Cardinals’ clean-up man
Raridon balances team and work at North Central (Ill.)
North Central (Ill.) junior forward Derek Raridon is usually the first person to hit basketball court at Merner Field House in the morning. But it isn't because he is practicing free throws or shooting lay-ups -- he is usually cleaning the gym floor.
In addition to his responsibilities as a student-athlete for the Cardinals, Raridon holds a campus job on the custodial staff that is charged with maintaining the college's athletics facilities. Raridon's father Todd is the head coach of the men's basketball program. He is in his seventh season at the campus in Naperville, Ill., and Derek is the second son that has been a member of the North Central squad.
The eldest son of the Raridon family, Mitch, played for his father in the coach's first four years at the college, and is now an assistant coach for the team. Mitch was the first to work for the custodial staff at the field house, and as a 16-year-old high school student, Derek needed a summer job and joined his brother. After becoming a student at North Central, Derek decided to keep the part-time gig.
"They always hire student workers at North Central do to general cleaning at the athletic facilities," Derek Raridon said. "When I turned 16, I wanted to work with my older brother, so I got a job with him. I've had the job for five years now, so I'm pretty much a professional."
Derek works 40 hours a week in the summertime, but during the school year the maximum he works is 20 hours. He says he has cleaned the gym floor more times than he can count.
"Our days start early," Derek said. "My boss has always been a hard-working guy and he wants us here at 6 a.m. The first thing we do is clean the basketball gym floor and get it ready for whatever is going on that day."
It may not be the most glamorous job, but Derek enjoys his co-workers and spending time with them.
"It is bad in the summertime -- our gym is so old that it gets hot walking back and forth cleaning the floor at six in the morning," Derek said. "But, it is fun -- my boss and all the guys I work with keep a lighter mood, and being in the gym is always nice, too."
If the basketball team is practicing, Derek will go into work a little later, and clean up after whatever has been going on that day, or prepare the gym for a women's basketball game or volleyball match.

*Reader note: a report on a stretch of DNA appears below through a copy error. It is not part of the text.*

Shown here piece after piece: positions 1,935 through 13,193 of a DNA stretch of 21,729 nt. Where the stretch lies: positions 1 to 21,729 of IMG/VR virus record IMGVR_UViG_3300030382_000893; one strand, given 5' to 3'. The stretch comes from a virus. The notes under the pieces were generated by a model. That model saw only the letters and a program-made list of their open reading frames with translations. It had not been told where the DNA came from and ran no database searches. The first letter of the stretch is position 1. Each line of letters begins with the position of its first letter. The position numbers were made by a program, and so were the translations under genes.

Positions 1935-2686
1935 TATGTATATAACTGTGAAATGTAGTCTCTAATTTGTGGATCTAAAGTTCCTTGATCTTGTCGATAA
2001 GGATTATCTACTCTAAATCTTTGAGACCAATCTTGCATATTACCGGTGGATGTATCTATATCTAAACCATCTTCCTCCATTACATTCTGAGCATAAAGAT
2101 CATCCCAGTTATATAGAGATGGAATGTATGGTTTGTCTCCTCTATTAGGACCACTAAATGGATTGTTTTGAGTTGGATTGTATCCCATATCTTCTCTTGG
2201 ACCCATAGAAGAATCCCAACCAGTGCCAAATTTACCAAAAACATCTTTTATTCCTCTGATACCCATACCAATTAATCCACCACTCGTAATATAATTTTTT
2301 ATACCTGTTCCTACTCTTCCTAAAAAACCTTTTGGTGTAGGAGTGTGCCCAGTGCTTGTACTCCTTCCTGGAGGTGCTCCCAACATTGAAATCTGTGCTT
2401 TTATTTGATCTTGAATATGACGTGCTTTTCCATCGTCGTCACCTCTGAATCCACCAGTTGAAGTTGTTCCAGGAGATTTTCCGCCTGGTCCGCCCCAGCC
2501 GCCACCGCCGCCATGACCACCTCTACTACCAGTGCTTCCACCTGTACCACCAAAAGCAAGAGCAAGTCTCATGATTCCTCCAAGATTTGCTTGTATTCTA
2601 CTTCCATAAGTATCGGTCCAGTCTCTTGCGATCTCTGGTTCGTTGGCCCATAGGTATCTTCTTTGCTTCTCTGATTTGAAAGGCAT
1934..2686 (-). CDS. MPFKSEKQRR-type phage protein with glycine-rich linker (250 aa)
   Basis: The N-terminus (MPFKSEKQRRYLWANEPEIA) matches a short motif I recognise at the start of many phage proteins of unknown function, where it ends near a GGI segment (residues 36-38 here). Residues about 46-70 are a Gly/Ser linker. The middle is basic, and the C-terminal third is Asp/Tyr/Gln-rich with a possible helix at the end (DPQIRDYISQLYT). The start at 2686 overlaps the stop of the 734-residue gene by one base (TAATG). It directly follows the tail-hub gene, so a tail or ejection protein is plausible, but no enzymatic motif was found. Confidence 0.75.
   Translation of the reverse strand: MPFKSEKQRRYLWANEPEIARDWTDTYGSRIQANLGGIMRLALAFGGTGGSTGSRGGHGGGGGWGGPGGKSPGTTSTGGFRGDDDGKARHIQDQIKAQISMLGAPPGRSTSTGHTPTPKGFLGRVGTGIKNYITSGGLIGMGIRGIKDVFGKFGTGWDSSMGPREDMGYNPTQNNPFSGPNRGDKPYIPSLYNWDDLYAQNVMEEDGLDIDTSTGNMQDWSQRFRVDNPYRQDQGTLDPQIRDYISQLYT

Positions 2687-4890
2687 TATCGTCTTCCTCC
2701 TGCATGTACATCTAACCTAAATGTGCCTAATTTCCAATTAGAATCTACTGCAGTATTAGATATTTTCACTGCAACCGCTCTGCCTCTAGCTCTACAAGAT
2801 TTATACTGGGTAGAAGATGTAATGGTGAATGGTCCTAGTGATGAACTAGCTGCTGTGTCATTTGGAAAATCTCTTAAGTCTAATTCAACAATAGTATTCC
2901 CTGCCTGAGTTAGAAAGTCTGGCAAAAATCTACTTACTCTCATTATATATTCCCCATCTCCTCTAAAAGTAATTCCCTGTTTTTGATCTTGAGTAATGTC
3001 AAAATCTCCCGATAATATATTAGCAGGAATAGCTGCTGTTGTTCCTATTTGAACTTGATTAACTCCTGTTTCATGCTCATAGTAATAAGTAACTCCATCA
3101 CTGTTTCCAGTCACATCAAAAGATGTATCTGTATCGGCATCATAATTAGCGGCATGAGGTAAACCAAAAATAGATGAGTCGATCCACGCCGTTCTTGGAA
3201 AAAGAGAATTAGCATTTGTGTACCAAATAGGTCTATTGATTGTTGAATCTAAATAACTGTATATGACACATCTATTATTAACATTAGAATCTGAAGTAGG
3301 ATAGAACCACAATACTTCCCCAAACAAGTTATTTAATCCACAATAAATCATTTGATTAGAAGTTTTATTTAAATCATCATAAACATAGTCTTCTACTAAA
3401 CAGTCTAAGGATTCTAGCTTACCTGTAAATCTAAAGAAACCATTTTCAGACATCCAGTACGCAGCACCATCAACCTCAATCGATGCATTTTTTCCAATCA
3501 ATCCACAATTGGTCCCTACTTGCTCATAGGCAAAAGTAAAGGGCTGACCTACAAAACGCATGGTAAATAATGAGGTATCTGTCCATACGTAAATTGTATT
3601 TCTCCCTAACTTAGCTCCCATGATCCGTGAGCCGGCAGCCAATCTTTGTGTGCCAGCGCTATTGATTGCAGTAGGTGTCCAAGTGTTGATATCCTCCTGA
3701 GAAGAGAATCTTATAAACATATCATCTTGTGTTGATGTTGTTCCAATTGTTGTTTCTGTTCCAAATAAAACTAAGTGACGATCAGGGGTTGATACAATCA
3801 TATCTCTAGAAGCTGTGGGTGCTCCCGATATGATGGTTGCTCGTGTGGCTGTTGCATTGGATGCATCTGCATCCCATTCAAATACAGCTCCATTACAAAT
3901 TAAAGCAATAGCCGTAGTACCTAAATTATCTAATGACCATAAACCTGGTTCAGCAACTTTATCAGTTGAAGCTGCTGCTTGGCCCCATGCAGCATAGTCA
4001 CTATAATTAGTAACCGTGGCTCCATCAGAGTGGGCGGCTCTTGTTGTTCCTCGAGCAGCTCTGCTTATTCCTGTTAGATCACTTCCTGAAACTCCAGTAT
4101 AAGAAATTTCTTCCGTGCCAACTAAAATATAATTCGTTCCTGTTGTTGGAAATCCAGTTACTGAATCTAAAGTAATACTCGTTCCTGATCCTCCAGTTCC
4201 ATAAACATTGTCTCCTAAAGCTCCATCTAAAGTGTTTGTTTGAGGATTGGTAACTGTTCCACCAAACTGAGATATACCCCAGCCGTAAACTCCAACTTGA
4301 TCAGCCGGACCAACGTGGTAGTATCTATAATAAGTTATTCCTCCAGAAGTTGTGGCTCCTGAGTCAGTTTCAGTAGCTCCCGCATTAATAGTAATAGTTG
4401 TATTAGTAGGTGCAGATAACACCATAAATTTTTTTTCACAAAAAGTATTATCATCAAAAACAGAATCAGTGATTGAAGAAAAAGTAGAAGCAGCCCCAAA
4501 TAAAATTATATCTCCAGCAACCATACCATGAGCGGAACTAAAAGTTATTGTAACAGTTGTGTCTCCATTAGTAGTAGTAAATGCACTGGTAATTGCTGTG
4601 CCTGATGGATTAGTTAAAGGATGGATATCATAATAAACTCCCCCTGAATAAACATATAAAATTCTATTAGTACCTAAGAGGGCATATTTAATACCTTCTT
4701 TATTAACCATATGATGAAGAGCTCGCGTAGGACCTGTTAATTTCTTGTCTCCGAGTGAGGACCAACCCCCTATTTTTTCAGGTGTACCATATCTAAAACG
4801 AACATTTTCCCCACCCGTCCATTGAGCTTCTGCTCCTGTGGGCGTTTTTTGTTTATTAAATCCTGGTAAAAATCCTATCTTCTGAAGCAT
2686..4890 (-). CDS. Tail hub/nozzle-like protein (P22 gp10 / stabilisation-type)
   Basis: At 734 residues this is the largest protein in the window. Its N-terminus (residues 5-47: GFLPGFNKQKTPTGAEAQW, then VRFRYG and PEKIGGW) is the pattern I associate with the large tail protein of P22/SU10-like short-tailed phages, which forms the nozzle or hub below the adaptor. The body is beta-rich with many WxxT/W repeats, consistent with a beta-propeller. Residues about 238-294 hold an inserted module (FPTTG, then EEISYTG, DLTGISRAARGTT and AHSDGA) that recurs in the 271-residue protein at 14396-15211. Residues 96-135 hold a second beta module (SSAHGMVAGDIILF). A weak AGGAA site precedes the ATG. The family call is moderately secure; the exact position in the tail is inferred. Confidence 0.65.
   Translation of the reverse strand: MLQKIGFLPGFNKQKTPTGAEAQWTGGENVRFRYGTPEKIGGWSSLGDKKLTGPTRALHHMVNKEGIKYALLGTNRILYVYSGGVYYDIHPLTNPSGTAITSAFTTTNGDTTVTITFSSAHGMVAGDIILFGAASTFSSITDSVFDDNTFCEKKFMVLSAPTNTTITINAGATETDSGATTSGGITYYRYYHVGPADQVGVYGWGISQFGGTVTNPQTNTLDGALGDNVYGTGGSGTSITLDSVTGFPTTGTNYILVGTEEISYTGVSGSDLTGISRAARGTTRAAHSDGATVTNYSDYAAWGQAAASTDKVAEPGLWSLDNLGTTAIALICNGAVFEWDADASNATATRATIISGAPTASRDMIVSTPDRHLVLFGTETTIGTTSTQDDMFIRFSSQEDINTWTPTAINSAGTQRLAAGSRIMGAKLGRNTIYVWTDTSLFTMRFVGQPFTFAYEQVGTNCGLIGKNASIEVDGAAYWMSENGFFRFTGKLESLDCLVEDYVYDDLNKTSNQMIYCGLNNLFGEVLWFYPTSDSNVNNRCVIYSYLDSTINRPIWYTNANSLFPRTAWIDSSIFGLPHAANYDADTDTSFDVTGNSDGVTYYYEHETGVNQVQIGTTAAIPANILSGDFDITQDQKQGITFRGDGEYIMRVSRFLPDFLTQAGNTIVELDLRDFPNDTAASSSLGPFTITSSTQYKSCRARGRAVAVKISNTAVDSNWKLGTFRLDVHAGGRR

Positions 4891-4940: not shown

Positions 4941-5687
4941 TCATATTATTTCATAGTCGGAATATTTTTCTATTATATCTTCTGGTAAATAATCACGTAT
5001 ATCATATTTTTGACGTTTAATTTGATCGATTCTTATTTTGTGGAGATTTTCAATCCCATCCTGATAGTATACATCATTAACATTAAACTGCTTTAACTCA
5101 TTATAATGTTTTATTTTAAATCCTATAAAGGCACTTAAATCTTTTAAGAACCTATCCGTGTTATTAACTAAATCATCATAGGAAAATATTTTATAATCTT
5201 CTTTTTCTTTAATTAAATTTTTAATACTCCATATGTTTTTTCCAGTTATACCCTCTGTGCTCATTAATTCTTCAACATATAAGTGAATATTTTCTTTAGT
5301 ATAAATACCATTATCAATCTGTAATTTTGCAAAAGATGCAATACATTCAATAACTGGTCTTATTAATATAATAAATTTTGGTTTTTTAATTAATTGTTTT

Knowing all the hard work he and his co-workers put into keeping the facilities tidy, Derek encourages his teammates to clean up after themselves.
"After practice, guys will cut their tape off in our locker room and that is something I'll eventually have to clean up," Derek said. "I tell them to get the place clean because if not I'll have to do it."
And if for some reason the floor isn't ready for practice, Derek is in charge of cleaning it whether he is on the clock or not.
"There have been times before basketball practice that I've had to dust mop the court so we don't lose footing," Derek said. "I know the maintenance guys get busy, especially over winter break. It is on me to get the floor ready for practice."
"Derek understands he has to work to have spending money and money for room and board, especially at the Division III level where there is no scholarship money," Coach Raridon said. "I'm really proud that he took it upon himself to get this job. He enjoys working for the head of the field house."
Plus, it is a very convenient when he needs to get in a little extra time honing his basketball skills.
"It's comfortable because whenever I get off work, I'm right there in the gym," Derek said. "There's really no excuse to tell my dad why I need to leave and can't be shooting or lifting weights because I'm already there."
When he's not cleaning the court, Derek leads the Cardinals on it. Last year, he was named the team captain in his sophomore season, and led North Central to its' first College Conference of Illinois & Wisconsin title in 21 years. Derek ranked second in the team in scoring with a 13.6 average, and claimed Second Team All-CCIW honors for the second consecutive season.
Coach Raridon knows exactly what to expect from Derek, who is on pace to become the school's 23rd 1,000-point scorer later this month. Currently, he is averaging 12.2 points and 5.4 rebounds per game for the Cardinals.
"Being around me all his life, he understands what we're trying to accomplish as a program, and our offensive and defensive philosophies," Coach Raridon said. "I can always count on him. He works hard in practice and that carries over in games."
Coach Raridon, who garnered CCIW Coach of the Year last season, knows it is difficult to have your father be your coach, and is thankful Mitch and Derek have played at North Central.
"They have thick skin, and they have to," Coach Raridon said. "They've handled it extremely well. It has been a time I've really cherished having them around. It has been great to have them around because coaching isn't working an eight-hour day and then heading home. There are so many screwy and late hours. It was always nice they could go to the gym with me and shoot around at practices."
Derek never really thought of playing for anyone other than his dad.
"Growing up, he coached me and I never had any complaints and learned a lot," Derek said. "It made sense for me to play for my dad and have my parents come to all my games. My brother had also just graduate from North Central. There's always been a competition between us -- I always wanted to say my teams were better than his -- the sibling rivalry was pretty fun, too."